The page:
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Inside the duo that started the 17-year Yankee tradition of setting up Mariano Rivera

AP Photo/Ron Frehm

ESPN Stats & Info's Mark Simon takes a deep look into the numbers behind the 114-year history of the New York Yankees in his new book, "The Yankees Index." In this excerpt, he examines the underappreciated role of the setup men who pitched in the shadow of all-time great closer Mariano Rivera.

The bridge to Mariano Rivera spanned 66 pitchers wide but held as steady as the Yankees closer it supported for 17 seasons.

That number, provided by the Elias Sports Bureau, refers to the number of pitchers who got a hold in a game saved by Rivera in either the regular season or postseason.

The two pitchers who originated the role are Jeff Nelson and Mike Stanton. In many cities, they would be easily forgotten, but in New York, there is an appreciation of the greatness of their value.

The standard was set by that pair in 1997, Rivera's first season as full-time closer. The Yankees were coming off a World Series triumph, but Rivera was asked to replace John Wetteland at the back of the bullpen after a standout sophomore season. Nelson, who was a member of the 1996 team, and Stanton, a newcomer who had previously excelled for the Braves, were there to ease the transition.

The pair combined to log 145 1/3 innings, posted a 2.72 ERA, allowed only 103 base hits and tallied 48 holds. They put Rivera in position to succeed as often as possible, as each was successful at getting both right- and left-handed hitters out.

"We told the starters, just go six innings," Nelson said. "We'll piece together the seventh and eighth. We wanted to limit Mariano to just that one inning."

There was talk in spring training that season that Stanton would be given an opportunity to close, but he found a comfort zone in being a setup man, so much so that he set the all-time record for holds with 266 over his 19-season career.

"I must have done the job okay because they kept running me out there," Stanton said.

Stanton and Nelson were more than okay. Each would earn an All-Star selection (though Nelson's didn't come until he left the Yankees and pitched for the Seattle Mariners). They were integral parts of the three consecutive Yankees championships.

"One of the things that I thought was so remarkable about them is that they never accumulated gaudy or 'wow' stats because they essentially shared the bridge role," said Katie Sharp, a 30-plus year Yankees fan and writer for the well-known fan blog River Avenue Blues. "But as a fan watching, you never doubted that they'd get the ball to Mo in the ninth inning with the lead."

Some of their work from that time may be hard to remember, so here's a brief refresher:

The 6-foot-8 Nelson used a funky delivery to put together a streak of 15 straight scoreless outings spanning the 1998 to 2000 postseasons. He was the master of getting the big eighth-inning outs to preserve a lead, doing his best Rivera impersonation to retire some of the top hitters in baseball, like Juan Gonzalez, Miguel Tejada and Greg Vaughn. Nelson has the major-league record for postseason holds with 13, 11 of which came for the Yankees.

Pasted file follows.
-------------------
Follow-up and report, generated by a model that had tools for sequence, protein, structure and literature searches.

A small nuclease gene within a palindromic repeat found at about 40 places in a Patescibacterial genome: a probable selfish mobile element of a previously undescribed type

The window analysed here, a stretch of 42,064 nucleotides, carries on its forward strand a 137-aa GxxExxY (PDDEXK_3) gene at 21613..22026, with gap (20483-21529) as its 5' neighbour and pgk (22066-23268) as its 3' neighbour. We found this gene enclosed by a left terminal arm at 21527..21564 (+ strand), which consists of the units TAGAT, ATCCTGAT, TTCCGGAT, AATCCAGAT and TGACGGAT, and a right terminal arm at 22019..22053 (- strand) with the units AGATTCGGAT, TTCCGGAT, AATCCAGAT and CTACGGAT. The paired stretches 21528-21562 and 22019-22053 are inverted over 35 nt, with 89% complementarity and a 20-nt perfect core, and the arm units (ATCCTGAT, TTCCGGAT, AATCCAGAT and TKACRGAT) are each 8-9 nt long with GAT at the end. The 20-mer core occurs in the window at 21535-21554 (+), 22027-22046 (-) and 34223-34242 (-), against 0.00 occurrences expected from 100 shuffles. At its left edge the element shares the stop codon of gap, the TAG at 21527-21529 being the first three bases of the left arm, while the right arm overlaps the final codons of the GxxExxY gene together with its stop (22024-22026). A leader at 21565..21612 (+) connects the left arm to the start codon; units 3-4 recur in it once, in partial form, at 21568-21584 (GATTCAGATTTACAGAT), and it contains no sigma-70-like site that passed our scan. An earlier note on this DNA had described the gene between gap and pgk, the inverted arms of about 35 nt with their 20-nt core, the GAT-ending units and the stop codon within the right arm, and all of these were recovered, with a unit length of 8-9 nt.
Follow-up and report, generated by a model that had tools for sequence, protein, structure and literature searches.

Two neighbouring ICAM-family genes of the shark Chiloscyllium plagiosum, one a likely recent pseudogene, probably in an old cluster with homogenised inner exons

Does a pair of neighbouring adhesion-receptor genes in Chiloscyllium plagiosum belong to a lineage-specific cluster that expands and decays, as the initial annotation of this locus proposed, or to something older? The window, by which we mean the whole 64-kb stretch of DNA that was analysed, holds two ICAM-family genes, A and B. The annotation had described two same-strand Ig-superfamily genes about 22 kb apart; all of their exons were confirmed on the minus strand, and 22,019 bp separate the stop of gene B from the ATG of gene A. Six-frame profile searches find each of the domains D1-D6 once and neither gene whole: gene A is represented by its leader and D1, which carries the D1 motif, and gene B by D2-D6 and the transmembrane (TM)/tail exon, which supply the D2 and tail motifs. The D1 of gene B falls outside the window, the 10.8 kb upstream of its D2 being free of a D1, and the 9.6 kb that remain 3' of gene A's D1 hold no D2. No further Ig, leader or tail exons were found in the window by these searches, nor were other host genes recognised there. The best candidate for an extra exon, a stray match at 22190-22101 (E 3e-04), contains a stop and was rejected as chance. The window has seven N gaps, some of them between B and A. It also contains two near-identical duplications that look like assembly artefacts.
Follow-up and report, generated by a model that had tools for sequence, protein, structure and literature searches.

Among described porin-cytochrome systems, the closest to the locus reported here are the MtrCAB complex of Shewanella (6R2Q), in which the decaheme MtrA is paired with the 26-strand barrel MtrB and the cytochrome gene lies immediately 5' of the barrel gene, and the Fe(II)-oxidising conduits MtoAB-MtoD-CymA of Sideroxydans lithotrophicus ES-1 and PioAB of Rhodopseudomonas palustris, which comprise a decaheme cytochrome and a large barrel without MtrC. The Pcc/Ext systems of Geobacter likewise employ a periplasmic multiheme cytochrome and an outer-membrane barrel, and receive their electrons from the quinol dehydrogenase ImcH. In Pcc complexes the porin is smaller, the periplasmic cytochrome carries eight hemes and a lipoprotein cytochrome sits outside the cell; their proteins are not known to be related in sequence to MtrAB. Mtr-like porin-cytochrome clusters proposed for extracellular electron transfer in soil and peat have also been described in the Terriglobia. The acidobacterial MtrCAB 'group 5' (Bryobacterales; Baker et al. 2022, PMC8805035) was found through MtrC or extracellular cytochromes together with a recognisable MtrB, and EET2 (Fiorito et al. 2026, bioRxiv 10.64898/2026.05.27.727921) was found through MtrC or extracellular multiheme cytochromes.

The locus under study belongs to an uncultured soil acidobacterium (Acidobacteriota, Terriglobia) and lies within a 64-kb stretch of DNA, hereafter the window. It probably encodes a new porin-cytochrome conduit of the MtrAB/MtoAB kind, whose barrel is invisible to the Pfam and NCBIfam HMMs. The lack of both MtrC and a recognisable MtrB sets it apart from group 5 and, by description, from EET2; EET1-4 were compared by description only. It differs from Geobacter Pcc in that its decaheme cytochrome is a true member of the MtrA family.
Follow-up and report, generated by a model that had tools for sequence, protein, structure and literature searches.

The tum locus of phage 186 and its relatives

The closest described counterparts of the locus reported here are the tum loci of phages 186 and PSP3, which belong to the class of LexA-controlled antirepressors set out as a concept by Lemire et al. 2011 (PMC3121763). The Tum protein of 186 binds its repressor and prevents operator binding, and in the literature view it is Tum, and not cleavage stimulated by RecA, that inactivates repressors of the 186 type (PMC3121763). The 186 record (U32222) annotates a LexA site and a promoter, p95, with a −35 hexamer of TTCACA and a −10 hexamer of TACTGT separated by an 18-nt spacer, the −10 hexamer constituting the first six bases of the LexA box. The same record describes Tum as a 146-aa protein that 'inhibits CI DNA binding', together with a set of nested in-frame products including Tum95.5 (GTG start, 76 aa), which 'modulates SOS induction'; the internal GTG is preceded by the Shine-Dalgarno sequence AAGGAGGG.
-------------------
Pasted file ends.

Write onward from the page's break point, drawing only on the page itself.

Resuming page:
Stanton, the lefty who said he pitched as if his hair was on fire, was the pitcher who could be stretched out to go longer than an inning if necessary. In the 1999 and 2000 postseasons, he combined to go 3-0 with a pair of holds and an 0.96 ERA. Stanton got the wins in the clinching games of both the 2000 LDS against the Athletics and World Series against the Mets, games eventually saved by Rivera.

"My approach throughout my career was that my job was to get someone else out of trouble," Stanton said. "And I would jokingly say that (with the Yankees) my job and Jeff Nelson's job were to be the offensive linemen. The thing I prided myself on was one, being available every day and two, inherited runners, getting other guys out of trouble. I had opportunities a couple of times to go somewhere else and be a closer, but I wanted to win more than I wanted to close."

Stanton and Nelson would go eventually, though each would find their way to New York again. Nelson went back to the team he began his major-league career with, the Mariners, in 2001, but returned to the Yankees for their run to the AL pennant in 2003. Stanton departed for the crosstown Mets after the 2002 season and returned briefly in 2005.

Their presence was a part of the Yankees even after they left because of the caliber of their work. They paved the way for others, like Tom Gordon, Joba Chamberlain and David Robertson, to thrive as the game evolved into one in which having multiple high-caliber relievers was a necessity.

"(The most impressive thing) was how they always managed to make a bridge," said YES Network research manager Jeff Quagliata. "There was always somebody out there. It was a bunch of nondescript guys, but they always seemed to get the job done and get the ball to Mo."

The 1990 Reds 'Nasty Boys' combination of Norm Charlton, Rob Dibble and Randy Myers originated that sort of bullpen setup. But the Bridge to Rivera that began a few years later was a longer-lasting symbol of significance.

"It makes you think we may have started something," Nelson said. "The seventh, eighth and ninth innings are sometimes why teams win the World Series now. Fans say I don't know if there will ever be a combination like that again. (I'd like us) to be remembered as the best bullpen in the game. You look at the list of most playoff appearances and it goes Rivera, Nelson, Stanton. I hope that's how it stays forever."

This excerpt from "The Yankees Index" by Mark Simon is printed with the permission of Triumph Books. For more information and to order a copy, please visit www.triumphbooks.com/YankeesIndex.